We have all been there; the stench in the air is telling you it’s time to change your baby’s diaper, or maybe it’s their crying giving you the gentle cue. As child care professionals, here are a few tips and reminders we want to share with our parents:
- Prep your space and supplies first!
- That starts with washing your hands first (yes, before reaching for your child). This is to ensure you have less germs to pass along to sensitive areas of your child.
- Then get your supplies ready: Unfold your disposable diaper or get your reusable one ready. Pull out a few wipes to use from the container and put a dollop of diaper cream ointment (if needed) onto a tissue or your wipe container top. Get a change of clothing (if needed) and have within arm’s reach. Why all this prep? All of this preparation will avoid cross-contamination opportunities from fecal matter or harmful bacteria getting into your diapering supplies or other surfaces.
- Make sure you have a sturdy surface to change your baby on. Yes, this can be a changing table or the floor (not back friendly, but an option). Just make sure you have a barrier between your baby and the changing surface. If you are on the run, most diaper bags have a pull-out mat you can use just be sure to complete the next step in sanitizing regardless of the surface. Avoid diapering your child on an unsteady, elevated or unlevel surface. If your baby does manage to squirm or roll away from you changing them on a counter, table or even the back seat of a car can be a dangerous fall hazard.
- Disinfect the diaper changing surface when you have completed your diapering activities. This is a key step for the mat or pad you had your child on. Use disinfecting wipes or another non-aerosol spray.
- Keep one hand on your baby at all times! Don’t rely on the straps on changing tables as they are only there to assist you. Yes, it may be a little challenging at first, but you will get the hang of it!
- Talk through it! This is a fantastic time to talk to your baby, sing, make eye contact, show them affection with kisses or hugs and make changing time a special parent-to-child bonding time. Making your diapering routine a positive one, your child will be less likely to fidget or be upset. We don’t recommend handing your child a toy during diapering for several reasons; It can end up in the dirty diaper OR diapering becomes a play time for your child and they may end up squirming or moving around more than you can handle. Additionally, children’s attention spans are incredibly short, so that toy distracting them is not necessarily going to last the entire time you need to accomplish the entire change.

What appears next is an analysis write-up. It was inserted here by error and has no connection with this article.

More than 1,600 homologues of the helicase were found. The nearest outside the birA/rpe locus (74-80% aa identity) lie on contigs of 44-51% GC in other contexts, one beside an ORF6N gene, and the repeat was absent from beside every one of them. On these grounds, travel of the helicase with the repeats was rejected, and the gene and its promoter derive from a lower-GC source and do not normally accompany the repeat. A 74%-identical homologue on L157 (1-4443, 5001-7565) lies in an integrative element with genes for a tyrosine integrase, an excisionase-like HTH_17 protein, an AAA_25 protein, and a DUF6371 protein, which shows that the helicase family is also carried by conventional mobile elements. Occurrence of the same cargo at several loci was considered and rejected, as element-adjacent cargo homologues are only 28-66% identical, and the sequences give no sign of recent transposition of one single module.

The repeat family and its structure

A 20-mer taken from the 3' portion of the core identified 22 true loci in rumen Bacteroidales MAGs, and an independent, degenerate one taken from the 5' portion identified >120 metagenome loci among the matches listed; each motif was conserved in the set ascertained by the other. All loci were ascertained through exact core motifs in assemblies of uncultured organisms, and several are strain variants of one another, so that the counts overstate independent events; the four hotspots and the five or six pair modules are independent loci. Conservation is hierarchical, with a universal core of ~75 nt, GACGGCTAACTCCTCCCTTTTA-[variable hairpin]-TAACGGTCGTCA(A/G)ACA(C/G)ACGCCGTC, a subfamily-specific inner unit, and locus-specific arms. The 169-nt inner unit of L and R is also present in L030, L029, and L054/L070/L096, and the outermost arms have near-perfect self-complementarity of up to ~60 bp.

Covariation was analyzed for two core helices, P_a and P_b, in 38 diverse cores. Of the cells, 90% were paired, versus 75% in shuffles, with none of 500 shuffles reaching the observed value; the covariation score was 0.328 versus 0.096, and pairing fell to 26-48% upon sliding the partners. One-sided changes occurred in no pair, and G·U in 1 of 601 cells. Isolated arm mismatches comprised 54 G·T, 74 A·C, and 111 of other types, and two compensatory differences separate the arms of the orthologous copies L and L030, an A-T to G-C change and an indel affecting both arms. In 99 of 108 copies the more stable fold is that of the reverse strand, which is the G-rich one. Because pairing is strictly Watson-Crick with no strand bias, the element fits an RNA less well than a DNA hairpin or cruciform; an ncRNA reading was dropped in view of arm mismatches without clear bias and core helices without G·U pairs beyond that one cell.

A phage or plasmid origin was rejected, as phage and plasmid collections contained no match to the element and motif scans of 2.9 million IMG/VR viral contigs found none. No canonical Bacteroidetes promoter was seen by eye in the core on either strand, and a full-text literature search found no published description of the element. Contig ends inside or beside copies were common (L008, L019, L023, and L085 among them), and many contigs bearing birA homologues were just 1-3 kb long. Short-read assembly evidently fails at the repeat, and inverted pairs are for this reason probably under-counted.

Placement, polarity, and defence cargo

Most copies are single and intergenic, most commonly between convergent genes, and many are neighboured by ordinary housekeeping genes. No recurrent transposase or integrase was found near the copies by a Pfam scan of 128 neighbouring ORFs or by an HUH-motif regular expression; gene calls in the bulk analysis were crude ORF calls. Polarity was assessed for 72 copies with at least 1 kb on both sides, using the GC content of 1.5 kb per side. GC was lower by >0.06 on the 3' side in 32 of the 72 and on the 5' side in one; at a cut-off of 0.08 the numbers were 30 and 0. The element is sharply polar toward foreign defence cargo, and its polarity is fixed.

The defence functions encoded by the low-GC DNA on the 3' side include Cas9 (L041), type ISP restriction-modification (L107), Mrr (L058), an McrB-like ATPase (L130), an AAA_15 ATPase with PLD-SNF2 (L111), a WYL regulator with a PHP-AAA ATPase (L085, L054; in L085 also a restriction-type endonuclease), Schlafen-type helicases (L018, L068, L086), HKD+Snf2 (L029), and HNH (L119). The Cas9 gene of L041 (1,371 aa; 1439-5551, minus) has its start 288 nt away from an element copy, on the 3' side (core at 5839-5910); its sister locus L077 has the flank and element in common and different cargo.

- Final step Wash Hands! This means your hands and your baby’s hands after diapering is complete! Why? Well, it’s simple it’s THE BEST WAY to eliminate germs and bacteria that can result from the diaper changing process from entering you or your child’s system. HOW do you wash a baby’s hands? Here are some techniques:
- For little babies, it may be as simple as using a wet paper towel to gently wipe their hands or anything that may have come into contact with their diapering region like their feet (after you wash yours of course!).
- For older babies who can hold their head up and young toddlers, you can use a buddy system to get them to the faucet: If you have a child’s step-stool handy, have it directly in front of the sink. Start the water running (cool to mildly warm water) and then pick your child up, one arm wrapping from under one armpit to the other with your other hand supporting their bottom. Put one of your legs on the step stool with your knee close to the counter. Rest your child’s bottom on your leg as support and use the hand that was under their bottom to help guide your children’s hands under the water, using soap and rinsing. Switch arms to wash both of your hands and expect to get a little wet. Dry both sets of hands completely. If you don’t have a child’s step-stool yet, now might be a great time to invest in one.
- For preschoolers and up, set the expectation that washing hands after any diapering or bathroom use (even while potty training and nothing comes out) and role model that expectation. Show them how to wash their hands (rubbing hands together, palm over the back of the hand several times) with soap (yeah, they forget that a lot) and then dry completely using a towel or paper towel (not their clothing).
- Choose products that are free of scents or ones containing triclosan. Soaps with fragrances means there are more chemicals in them than young sensitive skin needs. Steer clear of anything with possible allergen triggers in them such as nut extracts, perfumes or harsh chemicals. There are lots of all-natural moisturizers for children’s hands should the winter or frequent trips to the sink start drying them out.
Are you a visual learner or need more tips? Here’s a great how-to video from our friends over at Babycenter.com: